Hong Kong residents were the mourners and the city’s newsstands were the funeral parlour this week as residents across the city lined up to buy the latest edition of the Apple Daily.
The pro-democracy newspaper has been a nuisance to city authorities for decades. The company was forced to Nearby After officials froze her assets and Senior journalists arrested Under the sweeping national security law that Beijing imposed on the territory after pro-democracy protests in 2019.
Residents came out in droves to buy a copy of the definitive edition—Apple Daily printed 1 million copies instead of the regular 150,000—in a quiet resistance process. “Hong Kong people are really sad, and that’s the only support I can give,” said Deborah, a 50-year-old teacher who queued in the rain to buy a copy Thursday morning.
The Apple Daily was a powerful symbol of the underlying opposition still raging beneath the city’s surface. Analysts say the closure of the Chinese-language newspaper and website indicates how authorities are using the National Security Act to stifle Hong Kong’s free media.
The newspaper that challenged power
Apple Daily is founded by Jimmy Lai, a 73-year-old businessman, made his fortune in the apparel and retail industry before launching the newspaper in 1995.
Beijing promised Hong Kong a high degree of autonomy for 50 years after the city was handed over from British sovereignty to Chinese sovereignty in 1997, including freedom of the press and expression.
Lai has long been one of the city’s most vocal critics of China. when Li BingLai, the Chinese leader most associated with the Tiananmen Square massacre in 1989, justified the crackdown on student protestors, was furious. He called it a “tortoise egg” in an opinion piece, a Chinese insult similar to calling someone a “son of a bitch,” and has been an enemy of Beijing ever since.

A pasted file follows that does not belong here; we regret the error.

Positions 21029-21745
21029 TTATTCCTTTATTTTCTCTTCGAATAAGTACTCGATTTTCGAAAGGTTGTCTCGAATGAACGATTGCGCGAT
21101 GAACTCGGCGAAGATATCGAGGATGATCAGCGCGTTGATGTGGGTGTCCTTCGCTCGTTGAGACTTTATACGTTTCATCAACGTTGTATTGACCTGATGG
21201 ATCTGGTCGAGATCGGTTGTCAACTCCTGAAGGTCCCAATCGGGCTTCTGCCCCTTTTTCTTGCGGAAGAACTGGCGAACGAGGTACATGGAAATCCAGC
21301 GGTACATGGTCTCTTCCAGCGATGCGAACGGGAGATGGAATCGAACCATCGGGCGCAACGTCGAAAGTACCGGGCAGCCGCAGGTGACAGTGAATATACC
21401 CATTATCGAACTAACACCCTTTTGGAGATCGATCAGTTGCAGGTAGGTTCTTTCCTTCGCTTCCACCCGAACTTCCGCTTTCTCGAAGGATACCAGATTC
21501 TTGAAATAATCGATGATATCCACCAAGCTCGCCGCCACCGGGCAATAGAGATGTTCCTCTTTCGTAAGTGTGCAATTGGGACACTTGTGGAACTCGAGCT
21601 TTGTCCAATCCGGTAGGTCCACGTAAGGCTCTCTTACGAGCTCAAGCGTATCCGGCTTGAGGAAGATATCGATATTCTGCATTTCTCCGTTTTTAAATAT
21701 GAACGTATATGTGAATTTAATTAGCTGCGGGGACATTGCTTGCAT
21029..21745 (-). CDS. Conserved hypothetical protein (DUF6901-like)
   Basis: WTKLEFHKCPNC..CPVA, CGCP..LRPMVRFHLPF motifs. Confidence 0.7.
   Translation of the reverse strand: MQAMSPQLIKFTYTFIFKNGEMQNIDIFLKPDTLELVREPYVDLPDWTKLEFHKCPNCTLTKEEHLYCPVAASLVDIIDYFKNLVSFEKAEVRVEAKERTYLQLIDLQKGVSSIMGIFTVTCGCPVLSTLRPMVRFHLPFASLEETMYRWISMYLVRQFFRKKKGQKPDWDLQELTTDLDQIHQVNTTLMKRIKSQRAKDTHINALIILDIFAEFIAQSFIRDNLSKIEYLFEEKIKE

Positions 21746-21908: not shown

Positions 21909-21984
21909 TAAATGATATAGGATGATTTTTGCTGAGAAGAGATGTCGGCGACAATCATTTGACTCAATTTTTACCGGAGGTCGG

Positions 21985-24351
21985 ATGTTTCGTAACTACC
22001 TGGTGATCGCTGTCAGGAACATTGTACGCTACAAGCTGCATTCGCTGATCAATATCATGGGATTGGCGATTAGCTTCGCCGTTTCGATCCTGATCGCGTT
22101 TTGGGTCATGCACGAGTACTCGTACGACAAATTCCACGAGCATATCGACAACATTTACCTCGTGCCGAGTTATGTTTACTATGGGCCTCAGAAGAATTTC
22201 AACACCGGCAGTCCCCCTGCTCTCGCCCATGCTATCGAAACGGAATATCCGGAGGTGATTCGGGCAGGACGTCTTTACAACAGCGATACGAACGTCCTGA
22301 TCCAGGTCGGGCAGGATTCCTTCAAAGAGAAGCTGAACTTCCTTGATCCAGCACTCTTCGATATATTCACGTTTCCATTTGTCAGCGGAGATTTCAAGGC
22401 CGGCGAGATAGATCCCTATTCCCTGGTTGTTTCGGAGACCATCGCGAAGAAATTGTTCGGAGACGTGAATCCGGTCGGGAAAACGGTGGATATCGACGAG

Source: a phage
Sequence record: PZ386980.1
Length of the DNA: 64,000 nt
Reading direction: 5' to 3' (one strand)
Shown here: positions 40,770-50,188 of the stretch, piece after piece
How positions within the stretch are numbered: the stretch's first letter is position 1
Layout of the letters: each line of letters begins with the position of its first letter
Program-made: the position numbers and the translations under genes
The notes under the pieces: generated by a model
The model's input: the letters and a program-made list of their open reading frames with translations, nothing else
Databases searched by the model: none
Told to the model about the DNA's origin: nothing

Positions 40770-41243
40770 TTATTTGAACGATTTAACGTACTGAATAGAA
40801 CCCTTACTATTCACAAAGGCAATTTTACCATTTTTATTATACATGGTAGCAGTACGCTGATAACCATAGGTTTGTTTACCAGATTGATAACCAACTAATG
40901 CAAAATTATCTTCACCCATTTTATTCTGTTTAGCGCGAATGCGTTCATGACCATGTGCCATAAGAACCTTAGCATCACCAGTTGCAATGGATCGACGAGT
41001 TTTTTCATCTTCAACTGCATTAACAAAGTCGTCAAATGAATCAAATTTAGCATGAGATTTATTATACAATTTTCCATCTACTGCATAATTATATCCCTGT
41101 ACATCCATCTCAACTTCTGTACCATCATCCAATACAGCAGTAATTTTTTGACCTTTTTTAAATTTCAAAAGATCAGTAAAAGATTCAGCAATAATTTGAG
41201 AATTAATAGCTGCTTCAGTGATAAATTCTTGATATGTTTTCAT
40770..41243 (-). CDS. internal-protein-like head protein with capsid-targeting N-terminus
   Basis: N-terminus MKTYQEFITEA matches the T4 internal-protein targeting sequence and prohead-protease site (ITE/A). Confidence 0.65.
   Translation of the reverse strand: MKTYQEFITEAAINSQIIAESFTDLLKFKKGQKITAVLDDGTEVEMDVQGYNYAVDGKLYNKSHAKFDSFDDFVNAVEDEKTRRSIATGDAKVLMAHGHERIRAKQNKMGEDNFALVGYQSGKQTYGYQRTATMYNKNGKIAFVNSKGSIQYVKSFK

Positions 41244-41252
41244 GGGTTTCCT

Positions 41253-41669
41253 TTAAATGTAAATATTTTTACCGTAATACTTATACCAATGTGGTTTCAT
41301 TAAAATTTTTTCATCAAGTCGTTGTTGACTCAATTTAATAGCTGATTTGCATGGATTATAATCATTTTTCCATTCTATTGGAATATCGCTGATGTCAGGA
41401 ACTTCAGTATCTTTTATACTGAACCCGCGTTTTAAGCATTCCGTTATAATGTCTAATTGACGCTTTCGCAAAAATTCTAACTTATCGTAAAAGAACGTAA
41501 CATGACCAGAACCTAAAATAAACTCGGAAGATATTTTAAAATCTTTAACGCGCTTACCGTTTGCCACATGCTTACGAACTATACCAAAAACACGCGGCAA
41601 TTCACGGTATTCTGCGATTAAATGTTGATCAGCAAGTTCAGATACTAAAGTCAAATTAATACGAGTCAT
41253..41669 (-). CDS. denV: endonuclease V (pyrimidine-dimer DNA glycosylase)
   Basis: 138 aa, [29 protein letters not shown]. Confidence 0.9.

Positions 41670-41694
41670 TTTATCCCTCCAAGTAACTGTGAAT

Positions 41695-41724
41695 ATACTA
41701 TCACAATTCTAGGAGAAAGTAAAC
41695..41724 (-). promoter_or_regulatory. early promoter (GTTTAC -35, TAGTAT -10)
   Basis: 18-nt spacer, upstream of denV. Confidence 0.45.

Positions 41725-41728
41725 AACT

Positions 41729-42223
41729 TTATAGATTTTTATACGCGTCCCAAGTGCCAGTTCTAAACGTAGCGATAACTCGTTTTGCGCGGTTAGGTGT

The Apple Daily mixed celebrity gossip with serious news and investigations. The newspaper was one of the few large print publications on Chinese soil willing to criticize local and central government leaders and their influence rippling through the city’s media. “The company has also sponsored several senior reporters,” said Ronson Chan, president of the Hong Kong Journalists Association.
The tabloid was not without its critics and was accused of sensationalism, sexism and racism. Until the early 2000s, she ran a column under the pseudonym “Fat Dragon”, which was peppered with criticism of local bureaucrats with reviews of brothels. More recently, she has been accused of racial profiling in her coverage of the city’s ethnic minorities and mainland Chinese residents.
The Apple Daily has been hugely popular, but the newspaper and Lai have faced a firestorm since the 2019 protests, which the company has been accused of encouraging. The tabloid printed large posters that were waved during the demonstrations and criticized the authorities and Carrie Lam, the city’s chief executive.
“Apple Daily support has become a certain kind of activity,” said Rose Lukio, associate professor of journalism at Hong Kong Baptist University. This purchase has included Posts in Next Digital, parent group.
She was “not only writing about the social movement, but mobilizing the movement as well. This prompted the authorities to use more stringent methods of repression.”
Tim, the 21-year-old student, started reading the newspaper due to its coverage of the demonstrations. “During the protests in particular, it became clear that we need Apple Daily in our lives,” he said. “He pushed my political views.”